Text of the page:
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Wedding Microphone set-up HELP!!!

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Doece25Wedding Microphone set-up HELP!!!
by on Dec 15, 2006 at 6:47:51 pm

I will be shooting my first 2 weddings this coming June, both ceremonies for friends of mine. I will be shooting on a Canon XL2 but had a question about the audio setup.

My first thought was wireless lavs, which is not much of a problem with the groom, but for the bride there is nowhere to hide the body pack for the mic. My next thought was shotgun mics, but I am a one-man crew and have no one to get up close to the ceremony. I was thinking of taking a boom stand and booming the shotgun over the ceremony, but that is probably going to not look good in everyone else's pictures. My next thought would be take regular mic stands with good shotgun mics and have it in front of the ceremony, perhaps on the floor pointed up (one for the bride and one for the groom, and maybe a third at the Preacher if I had the MA-100 adapter to the XL2 to give me more XLR inputs). Both weddings are outdoors as well, so I would assume I need blimps/wind screens for the mics.

I would greatly appreciate any thoughts or suggestions you all would have or any insight to set-ups you have run in the past for weddings.


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ThaxRe: Wedding Microphone set-up HELP!!!
by on Dec 15, 2006 at 9:36:49 pm

May I suggest:

Use two GOOD lavs, Ch. 1 & 2.

One on the groom (it will pick him up AND the bride as they will be facing each other and close together.)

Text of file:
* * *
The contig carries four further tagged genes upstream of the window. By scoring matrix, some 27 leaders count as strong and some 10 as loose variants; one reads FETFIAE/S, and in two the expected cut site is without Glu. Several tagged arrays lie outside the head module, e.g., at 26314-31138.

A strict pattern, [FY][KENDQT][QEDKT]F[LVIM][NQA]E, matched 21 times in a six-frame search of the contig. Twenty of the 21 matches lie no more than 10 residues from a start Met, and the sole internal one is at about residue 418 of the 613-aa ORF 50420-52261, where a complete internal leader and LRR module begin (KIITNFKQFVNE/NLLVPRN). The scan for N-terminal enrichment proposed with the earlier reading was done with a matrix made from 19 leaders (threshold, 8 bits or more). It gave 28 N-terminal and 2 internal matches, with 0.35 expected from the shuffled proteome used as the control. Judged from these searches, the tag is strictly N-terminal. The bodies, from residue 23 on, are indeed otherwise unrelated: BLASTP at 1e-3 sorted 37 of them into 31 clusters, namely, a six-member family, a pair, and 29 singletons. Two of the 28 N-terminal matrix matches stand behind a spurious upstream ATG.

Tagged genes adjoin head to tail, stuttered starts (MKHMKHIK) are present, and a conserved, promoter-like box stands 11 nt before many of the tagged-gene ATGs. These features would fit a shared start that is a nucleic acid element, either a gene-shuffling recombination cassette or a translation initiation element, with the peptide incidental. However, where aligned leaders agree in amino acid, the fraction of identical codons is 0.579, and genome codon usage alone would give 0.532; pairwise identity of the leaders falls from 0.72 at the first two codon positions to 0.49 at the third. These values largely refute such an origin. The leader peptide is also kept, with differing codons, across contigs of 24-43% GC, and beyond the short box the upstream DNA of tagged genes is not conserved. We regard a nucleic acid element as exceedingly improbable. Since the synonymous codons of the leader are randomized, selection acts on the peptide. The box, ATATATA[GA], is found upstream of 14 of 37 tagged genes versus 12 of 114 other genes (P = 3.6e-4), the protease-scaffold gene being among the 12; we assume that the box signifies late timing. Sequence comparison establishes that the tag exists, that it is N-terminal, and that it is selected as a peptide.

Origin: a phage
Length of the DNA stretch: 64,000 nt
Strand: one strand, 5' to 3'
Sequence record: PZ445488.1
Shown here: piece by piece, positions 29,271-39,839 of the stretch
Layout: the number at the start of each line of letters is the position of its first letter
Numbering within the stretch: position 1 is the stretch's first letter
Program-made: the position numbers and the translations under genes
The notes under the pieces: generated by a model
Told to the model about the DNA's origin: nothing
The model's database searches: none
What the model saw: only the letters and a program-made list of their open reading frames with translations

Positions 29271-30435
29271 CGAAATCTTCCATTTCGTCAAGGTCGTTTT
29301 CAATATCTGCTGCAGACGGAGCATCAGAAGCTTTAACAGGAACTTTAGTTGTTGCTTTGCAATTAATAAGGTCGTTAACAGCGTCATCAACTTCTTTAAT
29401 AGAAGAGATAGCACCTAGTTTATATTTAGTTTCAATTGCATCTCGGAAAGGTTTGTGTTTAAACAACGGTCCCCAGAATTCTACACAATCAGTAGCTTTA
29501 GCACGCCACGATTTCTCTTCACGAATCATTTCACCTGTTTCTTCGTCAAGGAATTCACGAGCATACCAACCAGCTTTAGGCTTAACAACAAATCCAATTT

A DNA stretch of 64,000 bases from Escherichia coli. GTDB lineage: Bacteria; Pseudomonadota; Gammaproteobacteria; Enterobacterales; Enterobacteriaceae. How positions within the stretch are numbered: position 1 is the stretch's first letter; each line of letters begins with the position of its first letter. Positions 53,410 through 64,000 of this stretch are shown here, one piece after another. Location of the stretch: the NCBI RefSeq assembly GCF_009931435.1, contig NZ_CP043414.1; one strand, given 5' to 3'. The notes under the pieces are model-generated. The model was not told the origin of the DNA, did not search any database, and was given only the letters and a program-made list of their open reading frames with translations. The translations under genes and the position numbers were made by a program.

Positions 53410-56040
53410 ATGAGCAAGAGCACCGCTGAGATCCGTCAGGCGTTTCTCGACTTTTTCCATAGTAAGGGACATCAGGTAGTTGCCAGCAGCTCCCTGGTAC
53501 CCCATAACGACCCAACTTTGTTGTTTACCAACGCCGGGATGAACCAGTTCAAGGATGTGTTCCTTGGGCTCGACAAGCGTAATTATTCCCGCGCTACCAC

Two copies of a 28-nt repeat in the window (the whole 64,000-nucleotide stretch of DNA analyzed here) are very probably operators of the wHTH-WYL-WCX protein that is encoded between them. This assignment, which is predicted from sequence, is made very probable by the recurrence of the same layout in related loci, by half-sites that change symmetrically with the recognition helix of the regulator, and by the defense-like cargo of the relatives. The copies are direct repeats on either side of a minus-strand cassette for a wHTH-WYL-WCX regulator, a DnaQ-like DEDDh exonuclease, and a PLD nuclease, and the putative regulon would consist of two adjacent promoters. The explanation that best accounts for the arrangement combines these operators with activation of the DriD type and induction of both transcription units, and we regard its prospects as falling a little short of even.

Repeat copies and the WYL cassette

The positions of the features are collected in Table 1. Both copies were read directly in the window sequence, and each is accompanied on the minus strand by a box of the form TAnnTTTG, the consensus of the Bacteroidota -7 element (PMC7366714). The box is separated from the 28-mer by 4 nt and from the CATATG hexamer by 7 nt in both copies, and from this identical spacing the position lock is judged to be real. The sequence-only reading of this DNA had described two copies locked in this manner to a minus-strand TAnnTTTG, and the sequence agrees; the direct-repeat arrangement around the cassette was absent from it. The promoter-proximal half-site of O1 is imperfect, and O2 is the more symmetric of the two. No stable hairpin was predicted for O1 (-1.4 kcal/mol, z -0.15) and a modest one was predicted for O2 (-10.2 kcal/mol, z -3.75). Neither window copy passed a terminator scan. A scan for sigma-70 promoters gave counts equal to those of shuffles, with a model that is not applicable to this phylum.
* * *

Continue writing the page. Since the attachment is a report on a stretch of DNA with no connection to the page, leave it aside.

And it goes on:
One on the officiant.

Then on CH 3 & 4 (if available) general ambience and/or singer(s).

Remix during the edit.

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tomRe: Wedding Microphone set-up HELP!!!
by on Dec 16, 2006 at 12:42:07 pm

May I also suggest wind protection for your lavs !. and I mean not just the little foam pop that usally comes with them. They do make a fur now to cover lavs, they are not the prettiest thing , but they do work. even the slightest breeze will hurt your audio outside.

Also when you do get your setup by all means practice using the gear before they day of the wedding. And practice outside In this business if something will go wrong it will.

Even if you take all the precautions you still may get the groom sniffling or his heavy breathing after he holds his breath for a minute cause he is so nervious !

Good Shooting


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Mark SuszkoRe: Wedding Microphone set-up HELP!!!
by on Dec 16, 2006 at 8:15:49 pm

Since the groom will always be next to the bride for any parts where either talk, an omni lav on him is usually sufficient in my experience. This will usually pick up the offician as long as they are standing next to the couple too.

A second mic will typically be needed for the pulpit and for the lector and soloist. Some guys run a minidisk recorder or iriver for these extra sources and line the audio up later in post. Consider the more separate cameras and audio sources you bring to the edit, the longer it is going to take and the more storage you'll need.